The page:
Saturday, 15 October 2016

Russian Television Warns of Nuclear War Amid US Tensions


With diplomatic relations between Moscow and Washington at their lowest point since the Cold War, turning on Russian television can be an alarming experience. For the past month, Russian media outlets have been punctuated with reports asking people whether they are ready for nuclear war.
"If it should one day happen, every one of you should know where the nearest bomb shelter is. It’s best to find out now," according to one particularly fevered report on the Russian state-owned channel, NTV.
Russia’s main current affairs show, hosted by a presenter known by critics as the country’s propagandist-in-chief, recently spent two hours warning that Russia would defend itself with nuclear arms.
"We’ve had it with American abuse over Syria," the show’s host, Evgeny Kiselyov, told his audience. "Impudent behavior," from the U.S. towards Russia, he said, can now take on "nuclear dimensions."
Anti-Americanism is not rare on Russian state news, nor is an inclination for the apocalyptic. But more notable than the intensity of the warnings has been how Russian government ministries have joined in the alarms in recent weeks. Since September, Russia has conducted a nationwide civil defense drill, purportedly involving 40 million people, preparing them for catastrophes -- among them nuclear fallout. Russia’s military announced who would run the country in the event of war and ran an exercise simulating that in the south.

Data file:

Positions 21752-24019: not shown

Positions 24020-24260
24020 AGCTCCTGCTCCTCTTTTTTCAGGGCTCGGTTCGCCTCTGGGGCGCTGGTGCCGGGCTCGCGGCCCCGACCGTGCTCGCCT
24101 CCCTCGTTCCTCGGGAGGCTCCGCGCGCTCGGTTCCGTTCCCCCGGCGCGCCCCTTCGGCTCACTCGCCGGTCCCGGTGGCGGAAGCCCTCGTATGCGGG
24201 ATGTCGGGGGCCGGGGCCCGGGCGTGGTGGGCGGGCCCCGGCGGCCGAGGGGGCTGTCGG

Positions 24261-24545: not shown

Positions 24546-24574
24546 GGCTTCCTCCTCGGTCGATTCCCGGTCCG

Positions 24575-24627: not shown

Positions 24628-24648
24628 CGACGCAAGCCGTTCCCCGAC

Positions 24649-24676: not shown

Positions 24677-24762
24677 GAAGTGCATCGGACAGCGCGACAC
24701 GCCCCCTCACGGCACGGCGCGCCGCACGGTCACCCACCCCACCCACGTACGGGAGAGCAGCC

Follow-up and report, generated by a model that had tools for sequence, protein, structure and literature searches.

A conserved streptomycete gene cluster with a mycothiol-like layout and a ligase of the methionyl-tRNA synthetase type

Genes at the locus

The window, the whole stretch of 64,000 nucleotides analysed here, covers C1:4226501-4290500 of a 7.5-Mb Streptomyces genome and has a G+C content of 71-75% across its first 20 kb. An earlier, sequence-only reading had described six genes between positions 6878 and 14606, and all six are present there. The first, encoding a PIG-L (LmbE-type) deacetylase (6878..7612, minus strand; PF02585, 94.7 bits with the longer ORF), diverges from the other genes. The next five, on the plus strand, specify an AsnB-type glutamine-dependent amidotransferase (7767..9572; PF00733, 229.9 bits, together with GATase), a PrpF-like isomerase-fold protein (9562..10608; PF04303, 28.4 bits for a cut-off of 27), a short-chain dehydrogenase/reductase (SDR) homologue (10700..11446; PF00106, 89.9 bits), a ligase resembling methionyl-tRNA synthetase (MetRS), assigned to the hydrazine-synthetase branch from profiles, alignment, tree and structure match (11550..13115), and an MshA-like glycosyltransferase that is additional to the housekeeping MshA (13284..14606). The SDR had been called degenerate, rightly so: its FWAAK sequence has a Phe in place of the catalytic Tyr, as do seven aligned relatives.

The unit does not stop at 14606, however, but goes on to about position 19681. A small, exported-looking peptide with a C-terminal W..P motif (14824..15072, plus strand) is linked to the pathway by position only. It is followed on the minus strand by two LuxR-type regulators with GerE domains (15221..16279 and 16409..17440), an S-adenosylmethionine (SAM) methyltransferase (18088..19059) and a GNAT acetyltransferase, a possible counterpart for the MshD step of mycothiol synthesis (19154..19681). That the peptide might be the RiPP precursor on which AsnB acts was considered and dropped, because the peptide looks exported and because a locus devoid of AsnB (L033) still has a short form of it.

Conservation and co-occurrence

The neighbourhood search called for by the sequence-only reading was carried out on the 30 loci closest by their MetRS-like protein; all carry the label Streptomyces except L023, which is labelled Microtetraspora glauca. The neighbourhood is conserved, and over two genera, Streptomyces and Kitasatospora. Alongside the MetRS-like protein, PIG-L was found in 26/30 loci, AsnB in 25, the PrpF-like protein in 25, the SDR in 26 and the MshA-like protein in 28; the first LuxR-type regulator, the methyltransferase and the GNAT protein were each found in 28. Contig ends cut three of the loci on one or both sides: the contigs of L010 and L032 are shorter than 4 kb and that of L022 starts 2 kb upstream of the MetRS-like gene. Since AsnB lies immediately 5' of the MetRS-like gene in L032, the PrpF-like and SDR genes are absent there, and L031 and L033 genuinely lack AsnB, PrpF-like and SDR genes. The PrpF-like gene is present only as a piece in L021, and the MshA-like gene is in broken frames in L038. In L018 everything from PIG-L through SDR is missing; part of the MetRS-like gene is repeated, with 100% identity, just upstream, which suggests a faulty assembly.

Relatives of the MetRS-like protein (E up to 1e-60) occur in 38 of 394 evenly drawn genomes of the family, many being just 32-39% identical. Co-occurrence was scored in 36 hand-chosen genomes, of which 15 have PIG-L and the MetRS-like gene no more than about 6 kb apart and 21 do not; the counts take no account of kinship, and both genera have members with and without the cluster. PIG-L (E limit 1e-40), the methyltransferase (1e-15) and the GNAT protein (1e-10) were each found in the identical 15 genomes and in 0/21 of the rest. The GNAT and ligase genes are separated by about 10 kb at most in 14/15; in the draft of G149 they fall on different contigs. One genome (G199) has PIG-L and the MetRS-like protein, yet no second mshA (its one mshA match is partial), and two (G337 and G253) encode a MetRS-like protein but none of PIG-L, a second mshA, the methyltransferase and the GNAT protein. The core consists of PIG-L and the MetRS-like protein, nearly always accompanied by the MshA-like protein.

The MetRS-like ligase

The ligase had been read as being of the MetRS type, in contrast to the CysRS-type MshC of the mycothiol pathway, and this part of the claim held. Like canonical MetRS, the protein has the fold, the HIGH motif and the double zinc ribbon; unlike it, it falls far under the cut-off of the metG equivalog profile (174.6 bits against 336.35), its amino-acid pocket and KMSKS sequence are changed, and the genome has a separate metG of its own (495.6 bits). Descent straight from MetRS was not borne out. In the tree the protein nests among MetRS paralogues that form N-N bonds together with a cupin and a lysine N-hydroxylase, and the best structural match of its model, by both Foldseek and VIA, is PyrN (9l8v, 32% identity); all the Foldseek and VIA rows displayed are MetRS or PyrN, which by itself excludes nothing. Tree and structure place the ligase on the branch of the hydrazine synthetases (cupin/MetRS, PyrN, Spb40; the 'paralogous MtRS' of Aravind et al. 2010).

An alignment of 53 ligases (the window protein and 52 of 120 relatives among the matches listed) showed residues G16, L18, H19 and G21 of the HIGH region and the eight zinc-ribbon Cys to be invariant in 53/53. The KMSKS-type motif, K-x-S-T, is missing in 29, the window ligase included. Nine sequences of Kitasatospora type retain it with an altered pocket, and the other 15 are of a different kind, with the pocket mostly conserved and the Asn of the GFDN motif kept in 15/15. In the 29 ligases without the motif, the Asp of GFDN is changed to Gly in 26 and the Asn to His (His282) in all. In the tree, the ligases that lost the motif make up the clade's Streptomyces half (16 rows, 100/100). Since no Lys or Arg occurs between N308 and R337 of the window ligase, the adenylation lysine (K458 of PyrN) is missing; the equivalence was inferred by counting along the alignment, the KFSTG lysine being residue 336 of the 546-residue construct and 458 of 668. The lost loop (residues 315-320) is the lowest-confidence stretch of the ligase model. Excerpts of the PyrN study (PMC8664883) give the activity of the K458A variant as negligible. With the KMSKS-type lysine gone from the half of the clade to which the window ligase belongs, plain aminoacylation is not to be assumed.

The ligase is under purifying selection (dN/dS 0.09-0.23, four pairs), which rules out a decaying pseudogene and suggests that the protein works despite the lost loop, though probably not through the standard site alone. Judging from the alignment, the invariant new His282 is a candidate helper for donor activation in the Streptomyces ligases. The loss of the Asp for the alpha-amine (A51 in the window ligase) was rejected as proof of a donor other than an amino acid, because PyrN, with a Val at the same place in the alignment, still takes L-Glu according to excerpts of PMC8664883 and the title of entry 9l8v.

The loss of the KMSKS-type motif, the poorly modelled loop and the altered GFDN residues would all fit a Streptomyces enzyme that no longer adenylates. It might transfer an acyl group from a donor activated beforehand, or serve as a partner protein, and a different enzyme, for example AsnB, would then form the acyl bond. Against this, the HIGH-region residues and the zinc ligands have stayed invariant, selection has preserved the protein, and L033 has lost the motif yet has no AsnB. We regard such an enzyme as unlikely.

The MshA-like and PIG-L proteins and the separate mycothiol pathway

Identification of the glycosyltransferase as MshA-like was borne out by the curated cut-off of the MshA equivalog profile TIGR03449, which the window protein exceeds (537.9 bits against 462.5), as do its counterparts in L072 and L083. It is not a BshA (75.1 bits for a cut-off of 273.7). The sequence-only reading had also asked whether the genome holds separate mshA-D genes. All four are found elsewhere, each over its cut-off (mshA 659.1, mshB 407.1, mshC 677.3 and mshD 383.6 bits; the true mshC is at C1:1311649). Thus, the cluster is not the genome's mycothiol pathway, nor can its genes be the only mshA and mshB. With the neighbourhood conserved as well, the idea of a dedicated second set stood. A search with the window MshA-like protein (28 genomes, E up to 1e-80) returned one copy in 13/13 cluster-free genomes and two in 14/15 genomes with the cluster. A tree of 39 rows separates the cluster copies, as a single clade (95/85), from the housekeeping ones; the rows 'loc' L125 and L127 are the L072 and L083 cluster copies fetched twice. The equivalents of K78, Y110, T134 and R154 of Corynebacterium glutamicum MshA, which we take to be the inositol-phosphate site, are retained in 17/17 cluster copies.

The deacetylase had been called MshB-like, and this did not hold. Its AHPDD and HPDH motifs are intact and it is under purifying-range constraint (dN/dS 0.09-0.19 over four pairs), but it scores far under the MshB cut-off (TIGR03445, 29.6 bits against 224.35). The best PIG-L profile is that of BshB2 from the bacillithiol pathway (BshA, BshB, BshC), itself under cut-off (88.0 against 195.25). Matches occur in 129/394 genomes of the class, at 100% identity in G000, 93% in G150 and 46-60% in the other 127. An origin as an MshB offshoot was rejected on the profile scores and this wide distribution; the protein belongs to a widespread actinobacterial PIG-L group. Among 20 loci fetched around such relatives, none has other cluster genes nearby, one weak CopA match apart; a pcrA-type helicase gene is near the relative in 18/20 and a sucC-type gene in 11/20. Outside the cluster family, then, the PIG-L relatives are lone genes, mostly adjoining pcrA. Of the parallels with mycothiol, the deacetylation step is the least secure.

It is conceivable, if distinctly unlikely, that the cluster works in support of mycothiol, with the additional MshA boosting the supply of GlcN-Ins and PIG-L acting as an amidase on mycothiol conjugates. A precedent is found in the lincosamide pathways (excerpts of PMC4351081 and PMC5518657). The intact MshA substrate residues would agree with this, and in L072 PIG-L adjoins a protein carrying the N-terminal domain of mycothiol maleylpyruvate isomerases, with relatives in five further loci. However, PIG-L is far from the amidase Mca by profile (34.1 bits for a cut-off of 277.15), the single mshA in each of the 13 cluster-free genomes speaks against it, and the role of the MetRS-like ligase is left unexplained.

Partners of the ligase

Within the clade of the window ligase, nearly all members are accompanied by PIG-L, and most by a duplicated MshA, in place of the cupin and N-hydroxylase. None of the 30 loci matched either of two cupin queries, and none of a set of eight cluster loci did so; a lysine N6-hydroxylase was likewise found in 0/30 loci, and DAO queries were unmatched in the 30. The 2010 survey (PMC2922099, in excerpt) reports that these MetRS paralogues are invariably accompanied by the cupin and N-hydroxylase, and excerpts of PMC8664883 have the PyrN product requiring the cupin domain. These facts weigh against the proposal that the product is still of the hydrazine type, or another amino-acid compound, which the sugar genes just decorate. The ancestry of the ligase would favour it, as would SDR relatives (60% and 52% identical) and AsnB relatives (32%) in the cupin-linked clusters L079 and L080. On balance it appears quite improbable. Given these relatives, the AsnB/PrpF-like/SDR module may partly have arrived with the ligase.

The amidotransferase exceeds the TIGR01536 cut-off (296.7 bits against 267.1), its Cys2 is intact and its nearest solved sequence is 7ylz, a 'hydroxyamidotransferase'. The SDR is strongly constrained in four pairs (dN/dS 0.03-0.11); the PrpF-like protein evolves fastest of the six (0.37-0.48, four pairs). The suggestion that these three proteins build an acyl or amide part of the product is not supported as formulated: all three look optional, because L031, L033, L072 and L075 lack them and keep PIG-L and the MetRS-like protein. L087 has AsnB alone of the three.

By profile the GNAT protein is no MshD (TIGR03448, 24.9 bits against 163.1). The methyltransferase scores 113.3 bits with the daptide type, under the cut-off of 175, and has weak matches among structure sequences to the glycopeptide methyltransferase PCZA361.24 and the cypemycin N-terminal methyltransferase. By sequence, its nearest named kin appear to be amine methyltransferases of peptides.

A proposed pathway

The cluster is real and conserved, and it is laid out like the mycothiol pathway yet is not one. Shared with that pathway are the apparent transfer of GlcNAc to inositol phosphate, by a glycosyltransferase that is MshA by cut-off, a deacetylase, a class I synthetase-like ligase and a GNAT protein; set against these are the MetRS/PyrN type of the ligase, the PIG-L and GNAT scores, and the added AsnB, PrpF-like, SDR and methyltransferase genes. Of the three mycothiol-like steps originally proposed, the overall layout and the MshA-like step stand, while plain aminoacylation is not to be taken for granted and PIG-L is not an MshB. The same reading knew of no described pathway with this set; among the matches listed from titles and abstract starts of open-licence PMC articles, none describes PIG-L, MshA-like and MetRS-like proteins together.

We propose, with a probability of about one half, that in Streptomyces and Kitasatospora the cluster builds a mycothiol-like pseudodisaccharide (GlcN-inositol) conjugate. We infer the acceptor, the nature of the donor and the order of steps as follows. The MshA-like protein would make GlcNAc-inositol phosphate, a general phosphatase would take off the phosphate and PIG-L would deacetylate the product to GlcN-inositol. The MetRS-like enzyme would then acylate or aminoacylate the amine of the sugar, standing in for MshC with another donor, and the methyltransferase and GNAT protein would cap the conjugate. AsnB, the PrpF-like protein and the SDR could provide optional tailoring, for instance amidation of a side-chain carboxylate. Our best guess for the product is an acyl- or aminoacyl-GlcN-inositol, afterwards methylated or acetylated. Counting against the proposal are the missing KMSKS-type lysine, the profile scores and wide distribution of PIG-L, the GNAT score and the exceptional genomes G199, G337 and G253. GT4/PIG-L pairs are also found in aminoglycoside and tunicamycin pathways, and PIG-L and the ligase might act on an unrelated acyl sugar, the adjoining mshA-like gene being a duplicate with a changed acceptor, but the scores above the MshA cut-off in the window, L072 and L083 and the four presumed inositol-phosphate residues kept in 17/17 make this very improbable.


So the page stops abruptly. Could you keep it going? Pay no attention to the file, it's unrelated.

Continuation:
Even more bluntly, Russia announced this week it was moving nuclear-capable ballistic missiles into its Northern European enclave, Kaliningrad, putting them within striking distance of Western capitals. In the same week, Russia test-fired 3 intercontinental ballistic missiles.
Such moves have further raised the temperature with the West, already exceptionally high since the U.S. publicly accused Moscow of trying to interfere in its presidential elections and efforts by the two countries to reach a cease-fire deal terrorists in Syria, collapsed amid mutual recrimination and the renewal of ferocious airstrikes by Russian jets on the besieged city of Aleppo.
But the blood-curdling statements and military posturing, however, are very far from heralding imminent war, analysts said.
"It’s ridiculous," said Aleksander Baunov, an analyst at the Carnegie Moscow Center. "It’s not preparation for war."


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